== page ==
Man trusts ‘friend’ to cash $40,000 winning lottery ticket she’s now claiming was hers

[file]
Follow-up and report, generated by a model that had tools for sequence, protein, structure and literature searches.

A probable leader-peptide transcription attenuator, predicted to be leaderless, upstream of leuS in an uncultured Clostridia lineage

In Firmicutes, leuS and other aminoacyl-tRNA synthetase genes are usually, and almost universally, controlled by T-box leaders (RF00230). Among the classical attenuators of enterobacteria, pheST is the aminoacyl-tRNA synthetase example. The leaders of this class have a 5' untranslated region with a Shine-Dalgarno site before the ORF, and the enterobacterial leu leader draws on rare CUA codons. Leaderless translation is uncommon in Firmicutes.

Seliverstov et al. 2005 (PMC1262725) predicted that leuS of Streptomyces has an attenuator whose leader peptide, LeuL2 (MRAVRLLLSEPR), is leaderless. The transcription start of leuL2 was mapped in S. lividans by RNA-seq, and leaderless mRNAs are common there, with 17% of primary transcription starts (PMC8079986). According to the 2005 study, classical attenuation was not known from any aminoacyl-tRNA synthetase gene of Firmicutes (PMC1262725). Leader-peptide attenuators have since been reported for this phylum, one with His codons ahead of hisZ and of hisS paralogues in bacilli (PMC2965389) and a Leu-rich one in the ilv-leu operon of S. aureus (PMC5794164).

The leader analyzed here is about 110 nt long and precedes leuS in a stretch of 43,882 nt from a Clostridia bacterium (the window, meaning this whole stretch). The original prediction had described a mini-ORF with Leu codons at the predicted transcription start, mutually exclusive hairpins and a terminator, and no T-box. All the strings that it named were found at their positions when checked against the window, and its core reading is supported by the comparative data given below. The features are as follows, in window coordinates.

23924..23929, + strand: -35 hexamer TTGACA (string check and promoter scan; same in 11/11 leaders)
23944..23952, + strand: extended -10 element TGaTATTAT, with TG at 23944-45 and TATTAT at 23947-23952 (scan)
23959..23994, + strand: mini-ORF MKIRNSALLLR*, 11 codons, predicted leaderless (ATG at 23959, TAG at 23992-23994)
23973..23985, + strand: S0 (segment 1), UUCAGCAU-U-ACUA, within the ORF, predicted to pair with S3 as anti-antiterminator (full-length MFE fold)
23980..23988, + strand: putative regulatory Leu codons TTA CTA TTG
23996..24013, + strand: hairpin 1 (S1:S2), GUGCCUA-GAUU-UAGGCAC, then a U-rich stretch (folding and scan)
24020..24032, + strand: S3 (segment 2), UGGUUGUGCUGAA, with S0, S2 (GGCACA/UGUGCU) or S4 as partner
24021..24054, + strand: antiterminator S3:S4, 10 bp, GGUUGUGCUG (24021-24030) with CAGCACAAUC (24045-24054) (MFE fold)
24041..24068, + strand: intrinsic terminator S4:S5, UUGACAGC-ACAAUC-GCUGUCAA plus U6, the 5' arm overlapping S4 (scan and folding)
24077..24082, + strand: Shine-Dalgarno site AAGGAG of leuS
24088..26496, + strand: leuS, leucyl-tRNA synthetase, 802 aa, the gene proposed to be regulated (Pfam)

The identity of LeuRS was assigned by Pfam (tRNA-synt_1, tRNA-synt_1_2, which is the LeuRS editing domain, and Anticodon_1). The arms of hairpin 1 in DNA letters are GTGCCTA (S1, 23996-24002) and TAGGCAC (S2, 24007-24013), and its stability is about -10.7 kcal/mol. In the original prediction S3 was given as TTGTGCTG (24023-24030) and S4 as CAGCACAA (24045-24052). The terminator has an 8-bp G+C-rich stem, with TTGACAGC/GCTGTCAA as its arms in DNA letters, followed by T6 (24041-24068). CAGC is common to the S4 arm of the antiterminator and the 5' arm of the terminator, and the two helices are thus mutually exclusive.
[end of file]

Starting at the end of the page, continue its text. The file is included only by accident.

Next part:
<p dir=”ltr”><span>Santiago Gasca thought his luck had changed. As an undocumented immigrant living in Idaho, times were tough, but it seemed like all that was about to change when he allegedly bought an instant win scratch-off lottery ticket at a Malad, ID, convenience store that revealed a $40,000 lottery payout.</span></p><p dir=”ltr”><span>Yet that’s about the time his luck, and perhaps faith in humanity, took a downward turn, according to the nearby Salt Lake City, Utah ABC affiliate</span> <a href=”http://www.good4utah.com/news/local-news/man-went-from-instant-winner-to-loser”><span>Good4Utah.com</span></a><span>.</span></p><p dir=”ltr”><span>Due to Gasca’s undocumented status, he didn’t have the proper credentials to cash the winning ticket himself and didn’t want to risk being deported, as has happened in similar cases in the past. Gasca then</span> <a href=”http://www.theblaze.com/stories/2011/08/26/illegal-immigrant-wins-lottery-now-faces-deportation/”><span>sought the services of a friend</span></a> <span>– a woman his wife worked with at the Sonic in Midvale.</span></p><p dir=”ltr”><span>”I say (to her) I give you $1,000 to cash the check,” said Gasca. “She was so happy, very nice, very good.”</span></p><p dir=”ltr”><span>The as yet unidentified woman was very good indeed — at lying through her teeth with a straight poker face. Gasca went with the woman to claim the prize in Boise, where lottery officials gave the woman friend a $27,000 check (after taxes) in her name. Later Gasca reportedly went with the woman to a Midvale bank where she deposited the money into her account and afterwards basically told him to get lost.</span></p><p dir=”ltr”><span>Now, Gasca says the “friend” won’t even return his calls, and unfortunately, there might not a be much he can do about it. It’s bad enough the government takes about</span> <a href=”http://structuredassetservices.com/lottery-payments-hey-you-never-know-when-you-will-get-paid/”><span>25% of lottery jackpot winnings</span></a><span>, but now there’s a chance Gasca won’t see any of his alleged winnings.</span></p><p dir=”ltr”><span>”It was both legally obtained and legally claimed,” said Idaho Lottery spokesman David Workman. “Lottery tickets are bearer instruments. The person who presents it for payment and who signs it is the person who we end up paying.”</span></p><p dir=”ltr”><span>Local police authorities have said Gasca is still entitled to file a police report, but they acknowledged it could be an uphill battle to prove he was the one who purchased the winning ticket.</span></p><p dir=”ltr”><span>”He potentially does (have a case),” said Lt. Lex Bell with Unified Police. “If the story is as he says it is and he was taken advantage of as he says he was, he’ll have a lot of work to do.”</span></p><p dir=”ltr”><span>The woman, meanwhile, could not be reached for comment on the matter.</span></p>

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